Decorative image

Looking after your urostomy

After having a urostomy, you pass urine through an opening (stoma) in your tummy. Learn how to look after it. 

At the hospital

After surgery to remove your bladder, you might have a small hole called a stoma on your tummy (abdomen). Your urine now comes out through the stoma.

You will need to learn how to look after it before you leave the hospital. Your stoma nurse can show you how to do it. 

Stoma nurse

Stoma nurses are experienced in looking after stomas and teaching you how to do this yourself.

You might see your stoma nurse before the operation. They will show you the different types of urostomy bags you can use and they might give you a stoma kit to practice on first.  

After your operation, your stoma nurse might change your urostomy bags. This is until you can change them yourself. They can also explain you how to put thin tubes into the urostomy to drain out the urine (self catheterisation), if you need to do this. 

Before you leave the hospital, your stoma nurse will give you some urostomy bags to take home. They might also set up an ordering system for you to get the bags from your local pharmacy. Or they may give you a prescription card to take it to your GP with the details of all the equipment you need.

After you leave the hospital, your stoma nurse might visit you at home to make sure that you are coping. Or you may have a district nurse visit instead. Do ask for their help with any questions or difficulties you have. 

Types of urostomy bag

There are 2 main types of urostomy bag. A 1 piece system and a 2 piece system.

Your stoma nurse will help you to find out which system is best for you. The bags are very flat and do not smell or rustle as you move around.

Under ordinary clothes no one can tell you are wearing one. The bag can stay in place for a few days at a time. It has a tap at the bottom so you can empty it into the toilet.

The 1 piece system

The 1 piece system has the bag, seal and adhesive patch. It can last for 2 or 3 days.

Photograph of a one piece urostomy bag on an abdomen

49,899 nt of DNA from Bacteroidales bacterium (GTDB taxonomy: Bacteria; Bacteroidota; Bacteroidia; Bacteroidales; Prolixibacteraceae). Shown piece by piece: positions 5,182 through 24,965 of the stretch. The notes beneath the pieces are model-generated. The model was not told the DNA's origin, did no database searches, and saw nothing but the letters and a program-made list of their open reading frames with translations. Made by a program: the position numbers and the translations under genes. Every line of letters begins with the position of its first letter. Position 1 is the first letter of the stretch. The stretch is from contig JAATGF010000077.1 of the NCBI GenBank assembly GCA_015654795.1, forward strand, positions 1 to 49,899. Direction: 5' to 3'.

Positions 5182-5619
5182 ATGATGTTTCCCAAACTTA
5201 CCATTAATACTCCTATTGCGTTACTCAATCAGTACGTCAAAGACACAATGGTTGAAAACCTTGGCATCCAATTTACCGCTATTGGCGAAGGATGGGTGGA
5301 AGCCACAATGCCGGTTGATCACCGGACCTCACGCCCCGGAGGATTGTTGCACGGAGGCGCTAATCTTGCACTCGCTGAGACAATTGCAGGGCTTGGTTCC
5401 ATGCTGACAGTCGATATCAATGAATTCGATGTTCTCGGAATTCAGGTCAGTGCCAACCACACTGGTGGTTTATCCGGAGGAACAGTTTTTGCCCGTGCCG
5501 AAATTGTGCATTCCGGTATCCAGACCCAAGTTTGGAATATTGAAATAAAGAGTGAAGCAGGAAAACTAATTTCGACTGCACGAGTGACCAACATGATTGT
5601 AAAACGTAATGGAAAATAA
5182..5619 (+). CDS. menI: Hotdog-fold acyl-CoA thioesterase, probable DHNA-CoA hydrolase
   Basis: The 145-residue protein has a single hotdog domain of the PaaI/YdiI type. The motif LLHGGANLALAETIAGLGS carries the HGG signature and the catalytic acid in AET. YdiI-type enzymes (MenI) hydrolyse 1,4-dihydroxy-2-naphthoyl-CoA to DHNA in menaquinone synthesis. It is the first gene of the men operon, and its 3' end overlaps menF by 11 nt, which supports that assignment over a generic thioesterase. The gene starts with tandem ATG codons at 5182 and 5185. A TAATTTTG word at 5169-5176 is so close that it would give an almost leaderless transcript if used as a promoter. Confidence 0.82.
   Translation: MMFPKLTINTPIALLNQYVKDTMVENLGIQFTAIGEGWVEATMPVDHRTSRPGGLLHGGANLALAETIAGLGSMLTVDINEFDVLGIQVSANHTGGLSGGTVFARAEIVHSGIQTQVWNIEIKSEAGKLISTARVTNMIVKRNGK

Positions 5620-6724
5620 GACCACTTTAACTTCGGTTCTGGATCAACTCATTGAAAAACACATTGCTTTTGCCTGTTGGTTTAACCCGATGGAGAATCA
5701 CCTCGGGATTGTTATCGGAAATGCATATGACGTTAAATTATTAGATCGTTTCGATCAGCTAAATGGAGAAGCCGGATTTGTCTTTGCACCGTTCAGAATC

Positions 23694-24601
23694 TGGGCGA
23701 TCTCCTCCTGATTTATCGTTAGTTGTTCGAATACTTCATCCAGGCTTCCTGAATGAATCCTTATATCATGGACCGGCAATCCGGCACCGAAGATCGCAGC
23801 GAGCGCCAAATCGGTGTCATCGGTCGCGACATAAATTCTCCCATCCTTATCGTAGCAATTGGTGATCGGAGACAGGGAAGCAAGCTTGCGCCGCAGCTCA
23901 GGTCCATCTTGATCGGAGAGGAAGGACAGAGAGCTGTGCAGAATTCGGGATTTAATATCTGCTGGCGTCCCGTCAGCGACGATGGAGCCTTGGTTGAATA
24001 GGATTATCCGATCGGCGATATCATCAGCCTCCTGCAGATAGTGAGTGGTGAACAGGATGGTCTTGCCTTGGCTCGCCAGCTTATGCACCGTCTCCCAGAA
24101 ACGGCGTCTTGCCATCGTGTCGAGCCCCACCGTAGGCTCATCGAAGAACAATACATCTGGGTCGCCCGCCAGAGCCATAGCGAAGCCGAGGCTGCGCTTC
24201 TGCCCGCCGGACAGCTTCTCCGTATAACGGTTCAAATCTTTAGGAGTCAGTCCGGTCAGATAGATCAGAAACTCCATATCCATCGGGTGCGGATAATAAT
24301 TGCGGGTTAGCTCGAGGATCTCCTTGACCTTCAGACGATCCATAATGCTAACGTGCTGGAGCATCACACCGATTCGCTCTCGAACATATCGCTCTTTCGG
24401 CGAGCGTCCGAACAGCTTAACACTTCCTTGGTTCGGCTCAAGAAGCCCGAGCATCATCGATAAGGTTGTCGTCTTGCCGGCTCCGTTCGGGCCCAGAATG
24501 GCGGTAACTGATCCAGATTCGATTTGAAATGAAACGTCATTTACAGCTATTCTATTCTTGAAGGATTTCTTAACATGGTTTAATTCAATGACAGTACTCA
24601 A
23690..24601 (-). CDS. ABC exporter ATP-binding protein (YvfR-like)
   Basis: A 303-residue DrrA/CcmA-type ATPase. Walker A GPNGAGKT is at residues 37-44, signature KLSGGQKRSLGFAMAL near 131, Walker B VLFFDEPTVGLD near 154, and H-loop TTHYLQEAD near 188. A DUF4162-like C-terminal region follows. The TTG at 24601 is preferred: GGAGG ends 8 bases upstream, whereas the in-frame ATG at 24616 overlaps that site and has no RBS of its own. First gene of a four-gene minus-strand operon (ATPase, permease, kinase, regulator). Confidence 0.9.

Photograph of a one piece urostomy bag

The 2 piece system

The 2 piece system has a separate bag and adhesive wafer (flange).

The wafer is a soft, flat, plastic adhesive disc that sticks to the body. The bag clips onto the wafer. You can leave the wafer in place for up to 5 days and just change the bag. 

What you need

To fit a new bag, at first you need to cut a hole in the wafer or adhesive patch to fit your stoma. When your stoma has settled in size, you can get bags that are pre cut to fit.

The more accurate the fit, the less likely the bag is to leak. You get very good at this with practice. 

You need to have:

  • your new bag and wafer (if you use one)
  • a measuring guide
  • tissues or absorbent cloth
  • warm water and wipes
  • a disposal bag or newspaper
  • scissors
  • a small mirror for looking at your stoma

You may also need: 

  • barrier cream
  • adhesive paste (if you’re changing your wafer or one piece bag)

It’s helpful to keep everything that you need in a bag or in one place. That way, you won't be halfway through and realise something important is missing.

How to change your bag

Your stoma nurse will show you how to change your bag. They make sure you know how to do it before you leave the hospital.

Changing your bag can be difficult at first. With practice you start to learn what you need and what works best for you. It can also help if your partner or someone else close to you understands how to manage a urostomy. 

When changing your bag, you don't have to worry about keeping anything sterile (completely free of all germs). But you should be as hygienic as possible. You should:

  • wash your hands
  • get your new bag ready
  • cut a hole in the wafer to fit your stoma if necessary
  • drain your old bag
  • peel the bag off carefully
  • throw the bag away in your disposal bag or wrap it in newspaper
  • clean round your stoma with warm water and wipes
  • dry the skin thoroughly with tissues or absorbent cloth
  • if you use barrier cream, massage it in well or it might stop your bag sticking to your skin properly
  • check the size of your stoma with the measuring guide to make sure it hasn't changed (your stoma nurse will show you how to do this)
  • stick your new bag or wafer in place
  • make sure the tap of the bag is closed
  • put the old bag in the bin, well wrapped up (or your local authority may collect it)
  • wash your hands

Stoma appliances

Get support

Some organisations can give you advice and support. They can arrange for you to meet other people with urostomies and keep up to date with new ideas. Meeting someone who has been through what you are experiencing might help you to cope. They know what is important to tell and can answer your questions from first hand experience.

The Urostomy Association can arrange for you to meet with other people with urostomies. Members can visit you before and after your operation to support you and give advice on how to cope.

For support and information, you can call the Cancer Research UK information nurses on freephone 0808 800 4040, from 9am to 5pm, Monday to Friday. They can give advice about who can help you and what kind of support is available.
Last reviewed: 
21 May 2015
  • The Royal Marsden Manual of Clinical Nursing Procedures (9th edition)

    L. Dougherty and S. Lister. Wiley Blackwell, 2015

  • Cancer Principles and Practice of Oncology (10th edition) 

    V. DeVita and others. Wolters Kluwer, 2015

  • Improving supportive and palliative care for adults with cancer

    The National Institute for Health and Care Excellence (NICE), March 2004

Information and help

Dangoor sponsorship

About Cancer generously supported by Dangoor Education since 2010.